Density of Particleboard and Fiberboard

Density of Particleboard and Fiberboard

The density of particleboard and fiberboard generally refers to the average density, and the density of a test piece is usually measured directly. It refers to the ratio of mass to volume of the test piece. The following formula is used to calculate:

Rho =m/v

In the formula, the density of p-particleboard and fiberboard specimens (g/cm3);

M-test sample quality (g);

V-test specimen volume (cm3).

According to the national standards, the density of fiberboard and particleboard is a required item.

The density of particleboard and fiberboard refers to the arithmetic average value of all density samples tested. According to the national standards, the density deviation of particleboard and fiberboard should be calculated while the density of particleboard and fiberboard is measured. The density deviation of particleboard reflects the equilibrium of density of particleboard everywhere. The calculation formula is as follows:

In the formula: p-density deviation (%);

P max – maximum density (g/p);

P min – minimum density (g / p);

P CP – mean density (g / p).

The density deviation of MDF reflects the difference between the average density and the nominal density. The calculation formula is as follows:

In formula: p’- nominal density (g / cm3).

The density of particleboard and fiberboard is a very important performance index, which affects almost all physical and mechanical properties of particleboard and fiberboard. Generally, the greater the density of particleboard and fiberboard, the higher its strength, the greater the nail holding force, but the more difficult it is to machine. Conversely, the lower the density, the better the sound absorption and heat insulation, easy to process, but the lower the strength. The density of particleboard and fiberboard also directly affects the relationship between product and water. See Table 1-8.

There are many factors affecting the density of particleboard and fiberboard, but the main factors are wood species, sizing amount and hot pressing pressure.

Softer wood has greater plasticity. When hot-pressed, it can make the bonded materials contact more closely and form better bonding force. Soft wood has good compressibility and can be compacted more compactly during hot pressing. Therefore, under the same hot pressing conditions, the board made of coniferous wood is more compact than that made of broad-leaved wood.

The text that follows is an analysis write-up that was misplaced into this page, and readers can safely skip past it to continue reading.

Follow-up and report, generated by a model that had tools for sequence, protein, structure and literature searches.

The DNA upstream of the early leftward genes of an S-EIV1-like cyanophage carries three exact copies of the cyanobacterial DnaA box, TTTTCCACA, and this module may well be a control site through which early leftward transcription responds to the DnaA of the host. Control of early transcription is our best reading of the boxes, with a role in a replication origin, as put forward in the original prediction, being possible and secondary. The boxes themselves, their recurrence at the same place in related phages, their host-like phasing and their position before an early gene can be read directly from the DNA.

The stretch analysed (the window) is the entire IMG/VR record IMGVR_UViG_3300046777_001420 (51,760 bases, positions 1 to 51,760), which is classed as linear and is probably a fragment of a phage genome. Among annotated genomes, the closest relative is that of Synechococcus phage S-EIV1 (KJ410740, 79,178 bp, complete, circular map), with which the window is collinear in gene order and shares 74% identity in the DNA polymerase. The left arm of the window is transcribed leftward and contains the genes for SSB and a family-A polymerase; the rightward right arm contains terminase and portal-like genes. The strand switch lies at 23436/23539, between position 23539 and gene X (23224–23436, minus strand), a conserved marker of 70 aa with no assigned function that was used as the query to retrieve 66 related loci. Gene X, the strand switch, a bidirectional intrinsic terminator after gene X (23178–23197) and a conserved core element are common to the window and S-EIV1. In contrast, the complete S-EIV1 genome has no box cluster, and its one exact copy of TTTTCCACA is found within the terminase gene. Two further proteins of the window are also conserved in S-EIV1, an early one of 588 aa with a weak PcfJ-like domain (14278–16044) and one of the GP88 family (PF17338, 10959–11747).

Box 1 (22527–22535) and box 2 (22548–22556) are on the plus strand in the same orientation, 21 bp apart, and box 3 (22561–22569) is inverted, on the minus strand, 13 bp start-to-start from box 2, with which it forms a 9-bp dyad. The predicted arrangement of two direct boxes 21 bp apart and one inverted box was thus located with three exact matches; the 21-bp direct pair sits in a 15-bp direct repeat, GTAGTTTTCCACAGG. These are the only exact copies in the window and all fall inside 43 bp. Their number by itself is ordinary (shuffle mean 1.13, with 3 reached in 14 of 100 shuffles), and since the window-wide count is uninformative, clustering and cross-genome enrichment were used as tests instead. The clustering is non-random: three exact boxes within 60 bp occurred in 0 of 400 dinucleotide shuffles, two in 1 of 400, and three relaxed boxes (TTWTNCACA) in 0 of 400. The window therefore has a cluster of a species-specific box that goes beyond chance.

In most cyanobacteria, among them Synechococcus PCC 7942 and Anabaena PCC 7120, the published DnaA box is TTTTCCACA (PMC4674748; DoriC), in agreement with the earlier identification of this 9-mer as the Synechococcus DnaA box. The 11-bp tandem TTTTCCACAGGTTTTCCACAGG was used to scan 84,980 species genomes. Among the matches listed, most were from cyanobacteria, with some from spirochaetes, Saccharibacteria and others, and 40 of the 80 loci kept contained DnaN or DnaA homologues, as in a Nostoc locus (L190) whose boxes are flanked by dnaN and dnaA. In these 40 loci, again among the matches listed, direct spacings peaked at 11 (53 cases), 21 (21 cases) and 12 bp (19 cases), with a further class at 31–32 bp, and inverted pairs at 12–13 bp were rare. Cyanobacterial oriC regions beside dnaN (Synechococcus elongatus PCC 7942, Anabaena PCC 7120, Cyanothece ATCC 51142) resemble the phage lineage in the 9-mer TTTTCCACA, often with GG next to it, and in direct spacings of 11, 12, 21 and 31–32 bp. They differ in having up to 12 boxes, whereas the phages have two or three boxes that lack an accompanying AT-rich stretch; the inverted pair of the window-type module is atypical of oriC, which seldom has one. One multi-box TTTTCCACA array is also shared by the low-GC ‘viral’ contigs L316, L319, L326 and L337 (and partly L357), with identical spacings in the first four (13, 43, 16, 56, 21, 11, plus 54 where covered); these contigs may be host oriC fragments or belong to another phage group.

Table 1-8 Relationship between Fiberboard Density and Water Absorption and Expansion Rate

The Relation between Fiberboard Density and Water Absorption and Expansion Rate

The density of adhesives is higher than that of wood, and with the increase of sizing amount, the bonding point between the adhesives increases and the porosity in the board decreases. At the same time, the moisture content of the slab increases with the increase of sizing amount, and the plasticity of wood increases, which makes it easy to compact. Therefore, with the increase of sizing amount, the density will increase.

Hot-pressing pressure also affects the density of wood-based panels. The higher the pressure is, the closer the contact between the adhesives will be, and the higher the density of the panels will be.

It should be noted that in the same particleboard or fiberboard, the density of each part is different, especially in particleboard and medium density fiberboard. In the direction of thickness, the density is not only different, but also regularly distributed. From the plate to the central layer, the density becomes smaller and smaller, forming a density gradient (Fig. 1-7). The formation of density gradient is due to the increase of plasticity and compression of wood materials under the action of water and heat during hot pressing. In the hot pressing process, the temperature distribution along the thickness direction of the board is different, the surface temperature is the highest and the central layer temperature is the lowest, so the compression degree of wood material is different, forming a density gradient. The actual density gradient of particleboard and MDF is shown in Fig. 1-8. It can be seen that the peak density is not in the surface layer, but in a layer not far from the surface layer, which is due to the pre-curing of the adhesive in the uncompressive state of the surface layer directly contacting the hot-pressed plate.

There are many factors affecting the density gradient of particleboard and MDF: the faster the press closes, the greater the density gradient of the board; the higher the surface moisture content of the slab and the bigger the difference between surface and core moisture content, the more obvious the density difference of the board; the bigger the thickness of the board, the greater the density difference of the board. The greater the density gradient is. The density gradient of particleboard and MDF can be controlled and adjusted in the production process.

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